This was the most powerful regime in Java for many years, but in the 18th century, after a civil war led to a division, this was split into two distinct bodies: Yogyakarta Sultanate and Solo Sunanate.
British, Dutch and Japanese rule later came to Java, with the Dutch being the most influential. After Indonesian independence was established in 1945, Yogyakarta was briefly the capital of the independent republic, from 1946 to 1948. The city’s contribution to the struggle was recognised through its establishment as a special administrative region, and its unique status is still evident today, as it is the only region of Indonesia with its own monarch. The current sultan, Sri Sultan Hamengku Buwono X, also holds the inherited position of governor of Yogyakarta. The Special Region of Yogyakarta has its own parliament with 277 elected members, and the largest party is currently the Indonesian Democratic Party of Struggle (PDI-P), the party of President Widodo.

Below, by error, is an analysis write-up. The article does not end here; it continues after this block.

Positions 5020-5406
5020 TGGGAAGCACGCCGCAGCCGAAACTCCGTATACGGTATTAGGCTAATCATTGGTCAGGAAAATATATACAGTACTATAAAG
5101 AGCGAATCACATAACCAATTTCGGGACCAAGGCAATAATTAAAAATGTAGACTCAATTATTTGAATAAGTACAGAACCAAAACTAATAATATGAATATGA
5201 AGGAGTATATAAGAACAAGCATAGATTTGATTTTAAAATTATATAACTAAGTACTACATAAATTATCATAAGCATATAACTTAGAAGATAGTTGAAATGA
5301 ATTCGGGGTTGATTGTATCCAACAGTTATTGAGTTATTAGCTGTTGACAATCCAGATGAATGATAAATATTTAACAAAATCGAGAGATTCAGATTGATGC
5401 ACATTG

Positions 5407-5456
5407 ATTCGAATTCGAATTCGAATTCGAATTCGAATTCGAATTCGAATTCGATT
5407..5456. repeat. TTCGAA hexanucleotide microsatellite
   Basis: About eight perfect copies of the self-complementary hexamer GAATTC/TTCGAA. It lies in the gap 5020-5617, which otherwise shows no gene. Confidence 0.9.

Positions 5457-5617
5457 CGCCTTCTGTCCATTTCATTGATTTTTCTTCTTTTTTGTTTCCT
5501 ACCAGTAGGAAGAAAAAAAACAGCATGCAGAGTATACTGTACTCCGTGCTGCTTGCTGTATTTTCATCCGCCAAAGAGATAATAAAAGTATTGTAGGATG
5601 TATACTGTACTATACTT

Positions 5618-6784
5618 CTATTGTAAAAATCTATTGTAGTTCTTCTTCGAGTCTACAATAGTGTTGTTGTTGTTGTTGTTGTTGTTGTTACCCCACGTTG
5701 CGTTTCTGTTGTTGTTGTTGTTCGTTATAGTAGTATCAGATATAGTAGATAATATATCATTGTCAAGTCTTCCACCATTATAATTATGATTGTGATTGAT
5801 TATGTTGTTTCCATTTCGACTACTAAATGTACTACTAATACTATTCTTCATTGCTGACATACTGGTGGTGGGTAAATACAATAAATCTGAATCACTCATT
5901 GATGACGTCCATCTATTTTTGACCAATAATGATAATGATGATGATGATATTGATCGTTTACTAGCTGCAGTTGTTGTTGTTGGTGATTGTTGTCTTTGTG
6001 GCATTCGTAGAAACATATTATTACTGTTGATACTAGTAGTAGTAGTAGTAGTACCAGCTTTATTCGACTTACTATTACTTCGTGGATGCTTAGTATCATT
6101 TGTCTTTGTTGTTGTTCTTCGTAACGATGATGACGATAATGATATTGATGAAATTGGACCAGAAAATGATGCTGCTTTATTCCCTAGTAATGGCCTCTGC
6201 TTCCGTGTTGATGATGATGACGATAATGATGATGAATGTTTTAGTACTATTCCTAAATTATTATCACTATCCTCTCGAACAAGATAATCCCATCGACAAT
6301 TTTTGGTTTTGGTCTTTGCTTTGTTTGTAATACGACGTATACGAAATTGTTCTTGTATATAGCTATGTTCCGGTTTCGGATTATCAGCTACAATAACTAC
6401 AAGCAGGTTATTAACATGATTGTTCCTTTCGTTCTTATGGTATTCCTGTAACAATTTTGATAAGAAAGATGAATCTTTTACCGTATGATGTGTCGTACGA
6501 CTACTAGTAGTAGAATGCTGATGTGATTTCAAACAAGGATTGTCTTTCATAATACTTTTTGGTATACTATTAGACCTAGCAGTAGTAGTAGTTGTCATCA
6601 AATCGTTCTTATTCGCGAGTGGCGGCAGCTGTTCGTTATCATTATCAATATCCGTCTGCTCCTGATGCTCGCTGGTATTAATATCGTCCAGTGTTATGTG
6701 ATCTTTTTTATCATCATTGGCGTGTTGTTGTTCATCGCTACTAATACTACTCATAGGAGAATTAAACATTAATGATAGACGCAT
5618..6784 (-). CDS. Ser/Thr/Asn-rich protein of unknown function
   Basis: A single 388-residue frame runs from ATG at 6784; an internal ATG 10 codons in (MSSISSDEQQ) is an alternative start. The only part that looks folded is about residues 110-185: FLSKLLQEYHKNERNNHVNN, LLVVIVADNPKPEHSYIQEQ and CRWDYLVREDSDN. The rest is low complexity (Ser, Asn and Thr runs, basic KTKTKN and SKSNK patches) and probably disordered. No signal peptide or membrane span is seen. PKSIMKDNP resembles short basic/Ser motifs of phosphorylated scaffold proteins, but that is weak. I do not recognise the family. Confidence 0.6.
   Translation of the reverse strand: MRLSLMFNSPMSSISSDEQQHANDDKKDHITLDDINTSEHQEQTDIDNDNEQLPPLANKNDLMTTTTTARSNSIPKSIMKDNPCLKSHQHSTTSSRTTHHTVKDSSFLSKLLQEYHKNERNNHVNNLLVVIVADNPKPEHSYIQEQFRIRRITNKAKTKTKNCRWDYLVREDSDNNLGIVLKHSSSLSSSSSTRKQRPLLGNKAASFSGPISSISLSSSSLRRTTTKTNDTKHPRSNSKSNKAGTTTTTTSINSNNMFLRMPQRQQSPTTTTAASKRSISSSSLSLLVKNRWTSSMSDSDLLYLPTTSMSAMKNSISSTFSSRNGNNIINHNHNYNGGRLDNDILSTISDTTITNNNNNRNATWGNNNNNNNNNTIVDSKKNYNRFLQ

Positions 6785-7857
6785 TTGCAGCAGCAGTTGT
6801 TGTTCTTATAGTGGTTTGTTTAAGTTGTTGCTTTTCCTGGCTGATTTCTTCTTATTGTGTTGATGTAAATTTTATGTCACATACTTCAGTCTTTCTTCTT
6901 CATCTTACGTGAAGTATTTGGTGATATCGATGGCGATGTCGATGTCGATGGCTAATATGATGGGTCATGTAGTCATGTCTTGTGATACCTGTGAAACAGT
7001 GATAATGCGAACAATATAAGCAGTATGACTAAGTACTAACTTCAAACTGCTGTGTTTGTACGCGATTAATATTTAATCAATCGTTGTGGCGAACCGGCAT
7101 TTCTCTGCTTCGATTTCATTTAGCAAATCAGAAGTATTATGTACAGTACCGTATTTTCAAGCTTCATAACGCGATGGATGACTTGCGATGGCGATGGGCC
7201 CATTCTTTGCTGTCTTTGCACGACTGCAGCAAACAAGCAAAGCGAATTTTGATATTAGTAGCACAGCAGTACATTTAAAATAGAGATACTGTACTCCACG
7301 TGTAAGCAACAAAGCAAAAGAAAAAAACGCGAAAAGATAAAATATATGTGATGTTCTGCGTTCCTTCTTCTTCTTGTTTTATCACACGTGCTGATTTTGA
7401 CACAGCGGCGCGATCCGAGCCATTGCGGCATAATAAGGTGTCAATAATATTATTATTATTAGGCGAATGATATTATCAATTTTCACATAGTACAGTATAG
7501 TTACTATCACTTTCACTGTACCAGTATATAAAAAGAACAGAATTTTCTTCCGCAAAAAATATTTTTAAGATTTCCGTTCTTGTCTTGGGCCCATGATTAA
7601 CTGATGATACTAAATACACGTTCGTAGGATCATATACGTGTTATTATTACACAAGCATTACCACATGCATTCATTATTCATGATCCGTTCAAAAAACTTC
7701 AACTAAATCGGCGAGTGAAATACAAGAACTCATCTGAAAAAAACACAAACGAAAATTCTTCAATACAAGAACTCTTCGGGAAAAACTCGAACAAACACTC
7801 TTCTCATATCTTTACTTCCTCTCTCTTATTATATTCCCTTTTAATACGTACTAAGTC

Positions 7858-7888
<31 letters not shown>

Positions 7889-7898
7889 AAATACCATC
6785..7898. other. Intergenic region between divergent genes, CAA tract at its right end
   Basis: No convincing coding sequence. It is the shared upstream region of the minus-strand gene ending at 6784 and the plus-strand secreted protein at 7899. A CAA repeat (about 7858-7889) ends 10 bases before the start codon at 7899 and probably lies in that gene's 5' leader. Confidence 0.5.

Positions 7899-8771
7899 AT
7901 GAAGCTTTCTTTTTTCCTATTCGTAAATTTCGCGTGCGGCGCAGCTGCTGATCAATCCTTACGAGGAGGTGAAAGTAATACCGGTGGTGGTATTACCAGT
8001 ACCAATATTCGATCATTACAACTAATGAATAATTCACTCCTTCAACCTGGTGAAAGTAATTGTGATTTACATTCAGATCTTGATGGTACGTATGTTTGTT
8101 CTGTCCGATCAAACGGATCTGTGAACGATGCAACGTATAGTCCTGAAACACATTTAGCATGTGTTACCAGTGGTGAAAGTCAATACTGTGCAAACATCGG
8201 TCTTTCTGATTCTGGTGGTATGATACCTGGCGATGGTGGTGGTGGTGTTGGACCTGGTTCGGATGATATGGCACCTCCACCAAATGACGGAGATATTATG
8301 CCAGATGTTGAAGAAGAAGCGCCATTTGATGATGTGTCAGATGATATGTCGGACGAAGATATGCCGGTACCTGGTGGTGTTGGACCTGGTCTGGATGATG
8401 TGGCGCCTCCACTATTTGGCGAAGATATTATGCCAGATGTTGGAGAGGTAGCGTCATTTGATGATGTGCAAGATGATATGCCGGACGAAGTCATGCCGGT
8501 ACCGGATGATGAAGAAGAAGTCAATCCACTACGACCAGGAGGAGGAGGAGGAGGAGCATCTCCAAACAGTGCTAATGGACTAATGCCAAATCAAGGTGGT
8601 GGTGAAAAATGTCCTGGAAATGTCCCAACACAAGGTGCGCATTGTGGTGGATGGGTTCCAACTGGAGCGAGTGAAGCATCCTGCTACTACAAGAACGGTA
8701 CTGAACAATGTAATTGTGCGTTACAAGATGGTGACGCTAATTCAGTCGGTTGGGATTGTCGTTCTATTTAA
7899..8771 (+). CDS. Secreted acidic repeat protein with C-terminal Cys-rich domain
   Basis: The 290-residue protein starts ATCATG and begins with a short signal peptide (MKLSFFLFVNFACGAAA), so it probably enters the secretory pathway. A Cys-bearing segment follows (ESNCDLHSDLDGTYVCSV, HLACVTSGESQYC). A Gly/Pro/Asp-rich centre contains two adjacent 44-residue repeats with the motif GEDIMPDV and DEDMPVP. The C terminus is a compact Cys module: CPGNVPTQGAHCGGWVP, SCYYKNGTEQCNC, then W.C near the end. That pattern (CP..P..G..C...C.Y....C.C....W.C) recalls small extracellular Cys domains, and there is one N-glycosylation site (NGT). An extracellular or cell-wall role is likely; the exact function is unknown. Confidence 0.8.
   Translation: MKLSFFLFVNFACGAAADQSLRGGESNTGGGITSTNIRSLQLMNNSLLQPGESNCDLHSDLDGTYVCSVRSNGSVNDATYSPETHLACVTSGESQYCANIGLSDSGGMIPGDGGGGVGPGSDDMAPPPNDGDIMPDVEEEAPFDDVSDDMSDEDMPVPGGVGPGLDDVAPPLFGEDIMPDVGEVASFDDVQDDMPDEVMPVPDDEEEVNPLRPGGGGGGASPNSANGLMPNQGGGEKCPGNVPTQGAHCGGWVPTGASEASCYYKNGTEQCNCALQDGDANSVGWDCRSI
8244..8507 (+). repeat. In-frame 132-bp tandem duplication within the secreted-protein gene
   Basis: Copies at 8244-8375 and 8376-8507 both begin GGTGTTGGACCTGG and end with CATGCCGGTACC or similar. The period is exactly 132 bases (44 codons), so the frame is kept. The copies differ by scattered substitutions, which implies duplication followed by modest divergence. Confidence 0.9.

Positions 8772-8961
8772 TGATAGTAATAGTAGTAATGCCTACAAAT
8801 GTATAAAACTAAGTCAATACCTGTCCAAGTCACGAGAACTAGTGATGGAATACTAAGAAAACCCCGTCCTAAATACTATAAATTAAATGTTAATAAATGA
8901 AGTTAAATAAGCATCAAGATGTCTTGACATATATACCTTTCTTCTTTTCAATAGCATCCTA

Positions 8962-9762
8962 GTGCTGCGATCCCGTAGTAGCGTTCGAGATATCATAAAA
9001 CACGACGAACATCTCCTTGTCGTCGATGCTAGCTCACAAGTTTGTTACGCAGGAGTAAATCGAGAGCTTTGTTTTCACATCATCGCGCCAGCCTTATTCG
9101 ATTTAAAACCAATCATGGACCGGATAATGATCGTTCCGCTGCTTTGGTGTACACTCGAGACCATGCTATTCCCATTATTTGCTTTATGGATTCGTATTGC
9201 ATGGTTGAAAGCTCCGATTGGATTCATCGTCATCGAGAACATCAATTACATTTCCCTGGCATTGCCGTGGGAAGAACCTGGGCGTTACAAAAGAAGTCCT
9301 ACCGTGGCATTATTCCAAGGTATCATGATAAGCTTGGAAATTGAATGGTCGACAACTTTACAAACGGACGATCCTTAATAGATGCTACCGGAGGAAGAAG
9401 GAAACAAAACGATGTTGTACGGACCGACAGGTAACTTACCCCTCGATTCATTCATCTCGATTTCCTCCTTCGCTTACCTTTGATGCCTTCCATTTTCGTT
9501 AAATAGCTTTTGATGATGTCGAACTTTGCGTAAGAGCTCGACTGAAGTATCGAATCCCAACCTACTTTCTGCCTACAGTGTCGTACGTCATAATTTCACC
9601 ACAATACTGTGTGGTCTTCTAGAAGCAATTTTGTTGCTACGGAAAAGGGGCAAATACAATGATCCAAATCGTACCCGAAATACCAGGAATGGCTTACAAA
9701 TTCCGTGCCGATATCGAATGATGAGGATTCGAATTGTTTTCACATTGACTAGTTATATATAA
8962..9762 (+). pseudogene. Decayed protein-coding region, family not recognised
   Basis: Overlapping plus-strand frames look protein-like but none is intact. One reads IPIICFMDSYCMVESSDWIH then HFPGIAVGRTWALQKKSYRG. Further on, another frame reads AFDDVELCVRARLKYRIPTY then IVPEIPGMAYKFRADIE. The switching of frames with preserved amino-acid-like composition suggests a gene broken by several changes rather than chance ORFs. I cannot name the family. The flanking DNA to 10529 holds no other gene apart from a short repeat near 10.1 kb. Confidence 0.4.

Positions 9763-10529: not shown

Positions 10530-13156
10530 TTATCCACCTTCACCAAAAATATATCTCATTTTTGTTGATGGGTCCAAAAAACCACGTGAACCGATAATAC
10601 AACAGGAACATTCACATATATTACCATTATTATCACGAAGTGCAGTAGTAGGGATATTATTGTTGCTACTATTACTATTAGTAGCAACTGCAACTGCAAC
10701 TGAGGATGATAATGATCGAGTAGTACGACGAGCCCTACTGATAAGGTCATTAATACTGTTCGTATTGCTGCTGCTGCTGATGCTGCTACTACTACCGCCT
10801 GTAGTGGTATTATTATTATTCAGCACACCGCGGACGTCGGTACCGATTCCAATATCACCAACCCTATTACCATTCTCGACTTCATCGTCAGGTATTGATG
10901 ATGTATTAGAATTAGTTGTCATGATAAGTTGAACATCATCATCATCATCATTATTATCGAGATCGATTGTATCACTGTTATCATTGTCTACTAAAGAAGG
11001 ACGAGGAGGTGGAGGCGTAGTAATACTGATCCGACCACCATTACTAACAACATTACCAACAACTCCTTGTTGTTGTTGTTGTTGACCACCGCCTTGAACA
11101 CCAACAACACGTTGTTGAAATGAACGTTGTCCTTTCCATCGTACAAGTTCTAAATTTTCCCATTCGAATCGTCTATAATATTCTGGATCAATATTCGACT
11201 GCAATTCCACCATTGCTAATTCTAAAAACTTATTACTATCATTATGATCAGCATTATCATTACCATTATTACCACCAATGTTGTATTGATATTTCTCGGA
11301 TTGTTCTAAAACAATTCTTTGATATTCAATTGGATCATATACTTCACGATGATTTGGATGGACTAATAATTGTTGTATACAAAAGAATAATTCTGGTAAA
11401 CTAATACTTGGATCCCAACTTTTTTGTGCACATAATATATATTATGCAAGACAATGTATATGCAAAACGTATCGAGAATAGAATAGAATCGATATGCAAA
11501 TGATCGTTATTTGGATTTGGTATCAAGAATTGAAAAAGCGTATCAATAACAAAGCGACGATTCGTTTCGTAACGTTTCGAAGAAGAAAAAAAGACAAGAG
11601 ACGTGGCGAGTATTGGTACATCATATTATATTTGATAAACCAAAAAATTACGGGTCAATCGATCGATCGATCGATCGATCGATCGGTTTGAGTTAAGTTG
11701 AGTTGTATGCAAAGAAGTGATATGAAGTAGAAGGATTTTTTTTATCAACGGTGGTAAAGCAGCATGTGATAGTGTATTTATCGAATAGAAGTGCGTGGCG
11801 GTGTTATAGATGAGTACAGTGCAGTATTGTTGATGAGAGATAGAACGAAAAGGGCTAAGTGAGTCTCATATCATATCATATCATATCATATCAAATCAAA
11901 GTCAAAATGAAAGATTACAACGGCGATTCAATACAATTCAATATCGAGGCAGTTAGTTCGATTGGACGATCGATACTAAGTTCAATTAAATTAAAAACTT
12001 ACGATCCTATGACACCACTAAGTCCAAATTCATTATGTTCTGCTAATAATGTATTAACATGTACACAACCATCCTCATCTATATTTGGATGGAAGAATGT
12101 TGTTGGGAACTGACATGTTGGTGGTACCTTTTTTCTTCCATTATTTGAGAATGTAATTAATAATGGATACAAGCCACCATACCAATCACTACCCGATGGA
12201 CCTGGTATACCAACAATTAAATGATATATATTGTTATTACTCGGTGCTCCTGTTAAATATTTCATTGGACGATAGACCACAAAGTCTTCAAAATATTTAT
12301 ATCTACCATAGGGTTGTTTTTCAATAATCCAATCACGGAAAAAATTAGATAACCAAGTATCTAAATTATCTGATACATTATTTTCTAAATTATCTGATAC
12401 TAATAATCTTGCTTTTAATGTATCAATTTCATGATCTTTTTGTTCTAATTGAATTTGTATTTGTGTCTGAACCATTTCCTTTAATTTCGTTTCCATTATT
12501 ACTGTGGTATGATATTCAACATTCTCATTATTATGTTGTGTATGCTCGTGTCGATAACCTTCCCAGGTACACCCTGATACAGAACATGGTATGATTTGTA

Today the Special Region consists of four regencies and one city: Kulonprogo, Bantul, Gunungkidul, Sleman and the Yogyakarta City district. The total area is some 3185 sq km, with Gunungkidul Regency accounting for 46.6% of this, while the City of Yogyakarta comprises just 1%. In terms of population the most-populated regency is Slemen, which had 1.2m inhabitants in 2015, followed by Bantual with 971,000, Gunungkidul with 715,000 and Kulonprogo with 404,000. In that same year Yogyakarta city proper had a population of 413,000, and the special region overall had 3.7m inhabitants.